How To Show Up and Stay Strong Supporting a Grieving Family
The jarring word caught my attention as I grabbed it with my finger before it sailed off the screen on my phone. For sleep’s sake, I don’t usually scroll through my social apps in bed, but some nights I need the company of smiling faces, and so I spend my eye-drooping time swiping through other people’s lives.
Under the bold headline was a picture of a teenage boy who looked to be about 14 or 15, the same age as my youngest. I checked to see who had posted the notice, hoping it was a public service announcement and not someone I knew.
But it was a friend, a dear friend. She shared a follow-up photo shortly after of her son and the missing boy, big grins on their faces, elbows resting on each other’s shoulders, pudgy preteen cheeks covered in red sauce with messy bowls of bowtie pasta overflowing on the table in front of them. The caption read, “We love you Tim…forever and always.” Tim had been found. He was not alive.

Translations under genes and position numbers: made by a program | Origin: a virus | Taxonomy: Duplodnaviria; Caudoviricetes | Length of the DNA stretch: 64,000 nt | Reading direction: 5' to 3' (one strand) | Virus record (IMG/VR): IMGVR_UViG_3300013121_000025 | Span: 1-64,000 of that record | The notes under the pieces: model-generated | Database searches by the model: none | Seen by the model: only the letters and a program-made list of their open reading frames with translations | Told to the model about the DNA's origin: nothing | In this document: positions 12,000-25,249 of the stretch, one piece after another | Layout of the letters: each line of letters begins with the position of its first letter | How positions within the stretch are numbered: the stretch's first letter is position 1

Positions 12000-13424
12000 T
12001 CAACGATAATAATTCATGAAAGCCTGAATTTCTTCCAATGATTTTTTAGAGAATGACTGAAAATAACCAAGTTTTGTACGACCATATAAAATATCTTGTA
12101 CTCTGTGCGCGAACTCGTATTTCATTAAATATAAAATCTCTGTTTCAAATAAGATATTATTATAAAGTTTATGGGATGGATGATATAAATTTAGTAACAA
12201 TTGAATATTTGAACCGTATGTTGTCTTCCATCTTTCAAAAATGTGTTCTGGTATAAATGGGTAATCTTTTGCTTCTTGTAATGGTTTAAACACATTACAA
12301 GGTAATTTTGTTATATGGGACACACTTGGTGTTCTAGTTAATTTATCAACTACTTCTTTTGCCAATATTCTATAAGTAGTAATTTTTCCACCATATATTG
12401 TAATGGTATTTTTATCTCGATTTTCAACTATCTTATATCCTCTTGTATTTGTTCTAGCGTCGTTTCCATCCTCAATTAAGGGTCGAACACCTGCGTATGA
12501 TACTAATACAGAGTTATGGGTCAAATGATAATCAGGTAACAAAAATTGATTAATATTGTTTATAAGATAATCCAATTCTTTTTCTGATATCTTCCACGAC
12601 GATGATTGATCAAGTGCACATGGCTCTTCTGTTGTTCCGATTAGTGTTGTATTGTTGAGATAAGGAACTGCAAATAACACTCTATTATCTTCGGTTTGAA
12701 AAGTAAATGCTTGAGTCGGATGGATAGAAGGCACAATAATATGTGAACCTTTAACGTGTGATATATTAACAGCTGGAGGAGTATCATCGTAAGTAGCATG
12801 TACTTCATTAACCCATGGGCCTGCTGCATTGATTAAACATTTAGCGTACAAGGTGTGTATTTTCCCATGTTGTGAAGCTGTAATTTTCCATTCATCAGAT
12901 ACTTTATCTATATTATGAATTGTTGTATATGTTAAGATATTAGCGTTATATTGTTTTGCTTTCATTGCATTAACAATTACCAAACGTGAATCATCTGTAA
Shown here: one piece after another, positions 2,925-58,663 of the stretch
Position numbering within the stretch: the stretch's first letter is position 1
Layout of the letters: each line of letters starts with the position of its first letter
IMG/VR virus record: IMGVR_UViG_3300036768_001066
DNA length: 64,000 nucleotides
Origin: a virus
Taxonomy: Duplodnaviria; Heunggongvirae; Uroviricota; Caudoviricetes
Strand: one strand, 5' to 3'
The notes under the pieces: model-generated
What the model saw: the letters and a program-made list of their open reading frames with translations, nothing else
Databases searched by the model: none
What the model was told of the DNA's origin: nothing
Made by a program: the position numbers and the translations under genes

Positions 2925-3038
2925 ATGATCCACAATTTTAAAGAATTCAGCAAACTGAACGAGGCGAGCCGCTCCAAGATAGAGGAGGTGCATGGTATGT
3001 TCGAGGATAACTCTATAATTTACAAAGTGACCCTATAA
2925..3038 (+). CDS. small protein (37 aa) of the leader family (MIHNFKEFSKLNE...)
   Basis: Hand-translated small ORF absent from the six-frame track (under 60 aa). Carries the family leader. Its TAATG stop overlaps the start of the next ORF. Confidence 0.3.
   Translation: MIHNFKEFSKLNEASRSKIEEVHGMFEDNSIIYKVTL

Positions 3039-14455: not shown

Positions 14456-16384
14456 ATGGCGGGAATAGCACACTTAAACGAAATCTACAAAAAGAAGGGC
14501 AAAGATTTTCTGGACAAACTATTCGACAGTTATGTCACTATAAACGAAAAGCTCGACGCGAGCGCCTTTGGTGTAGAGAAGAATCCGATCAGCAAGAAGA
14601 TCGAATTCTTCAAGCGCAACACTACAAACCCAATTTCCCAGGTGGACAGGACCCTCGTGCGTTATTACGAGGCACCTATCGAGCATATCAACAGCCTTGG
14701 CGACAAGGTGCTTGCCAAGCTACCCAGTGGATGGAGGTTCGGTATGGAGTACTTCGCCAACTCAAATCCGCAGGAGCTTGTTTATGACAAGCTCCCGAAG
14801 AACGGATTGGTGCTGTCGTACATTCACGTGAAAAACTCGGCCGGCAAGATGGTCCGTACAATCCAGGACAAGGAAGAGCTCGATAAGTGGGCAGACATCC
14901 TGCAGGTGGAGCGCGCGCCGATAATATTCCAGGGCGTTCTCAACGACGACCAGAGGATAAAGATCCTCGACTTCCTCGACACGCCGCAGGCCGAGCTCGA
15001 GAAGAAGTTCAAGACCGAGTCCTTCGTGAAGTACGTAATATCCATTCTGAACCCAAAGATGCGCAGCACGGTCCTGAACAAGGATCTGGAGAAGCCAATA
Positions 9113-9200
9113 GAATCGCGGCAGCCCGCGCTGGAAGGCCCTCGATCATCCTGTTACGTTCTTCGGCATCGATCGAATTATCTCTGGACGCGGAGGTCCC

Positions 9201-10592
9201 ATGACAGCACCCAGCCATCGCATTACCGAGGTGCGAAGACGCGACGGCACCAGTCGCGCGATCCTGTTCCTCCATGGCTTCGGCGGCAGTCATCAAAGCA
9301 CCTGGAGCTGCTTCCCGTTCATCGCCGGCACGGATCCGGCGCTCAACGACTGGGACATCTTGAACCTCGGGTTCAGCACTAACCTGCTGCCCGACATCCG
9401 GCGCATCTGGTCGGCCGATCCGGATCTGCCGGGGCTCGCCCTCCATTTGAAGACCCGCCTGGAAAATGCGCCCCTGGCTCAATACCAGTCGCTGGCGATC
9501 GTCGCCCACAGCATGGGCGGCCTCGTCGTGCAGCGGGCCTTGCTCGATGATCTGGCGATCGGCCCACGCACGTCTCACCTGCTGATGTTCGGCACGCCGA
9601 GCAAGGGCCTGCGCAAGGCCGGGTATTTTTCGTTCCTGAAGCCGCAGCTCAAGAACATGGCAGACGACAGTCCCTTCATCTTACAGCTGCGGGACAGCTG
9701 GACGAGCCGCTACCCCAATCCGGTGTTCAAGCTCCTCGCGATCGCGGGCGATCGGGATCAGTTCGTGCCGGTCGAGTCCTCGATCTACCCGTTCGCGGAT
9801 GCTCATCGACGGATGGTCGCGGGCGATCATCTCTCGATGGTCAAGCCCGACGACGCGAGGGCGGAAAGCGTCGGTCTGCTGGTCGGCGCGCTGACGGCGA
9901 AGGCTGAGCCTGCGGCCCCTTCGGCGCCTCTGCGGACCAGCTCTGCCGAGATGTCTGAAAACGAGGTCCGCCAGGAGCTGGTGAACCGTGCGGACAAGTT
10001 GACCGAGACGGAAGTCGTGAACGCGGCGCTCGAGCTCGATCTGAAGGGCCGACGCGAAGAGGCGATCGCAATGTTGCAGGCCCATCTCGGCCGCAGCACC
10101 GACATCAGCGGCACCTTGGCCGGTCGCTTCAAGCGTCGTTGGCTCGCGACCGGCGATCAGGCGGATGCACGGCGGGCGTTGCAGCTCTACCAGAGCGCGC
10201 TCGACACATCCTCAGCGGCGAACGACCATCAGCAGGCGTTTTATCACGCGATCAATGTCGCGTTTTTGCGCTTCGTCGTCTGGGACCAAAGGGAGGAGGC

My friend was now grieving her friend’s child while parenting her own son through his grief. In the days to follow, she would be marshaling a community to support that broken family, something I knew a bit about; not the organizing of an army of volunteers, but the receiving of community support. I’d had that same shocked line of friends and neighbors at my front door just three years earlier after my husband of 22 years, the organizer of the neighborhood fun, the champion of the community’s causes, died by suicide. My three teenage children and I were blindsided, as was everyone around us. They all wanted to know what they could do to make us better.
The problem was that I was in shock. In an impressive self-preservation move, my brain had erased all “nonessentials” from its normally reliable to-do list. So those things I could previously do without even thinking about — brush my teeth, take a shower, wash clothes — completely left my mind. I had to set a daily alarm on my phone to remember to pull something out of the fridge and heat it up for dinner. Even then I sometimes forgot.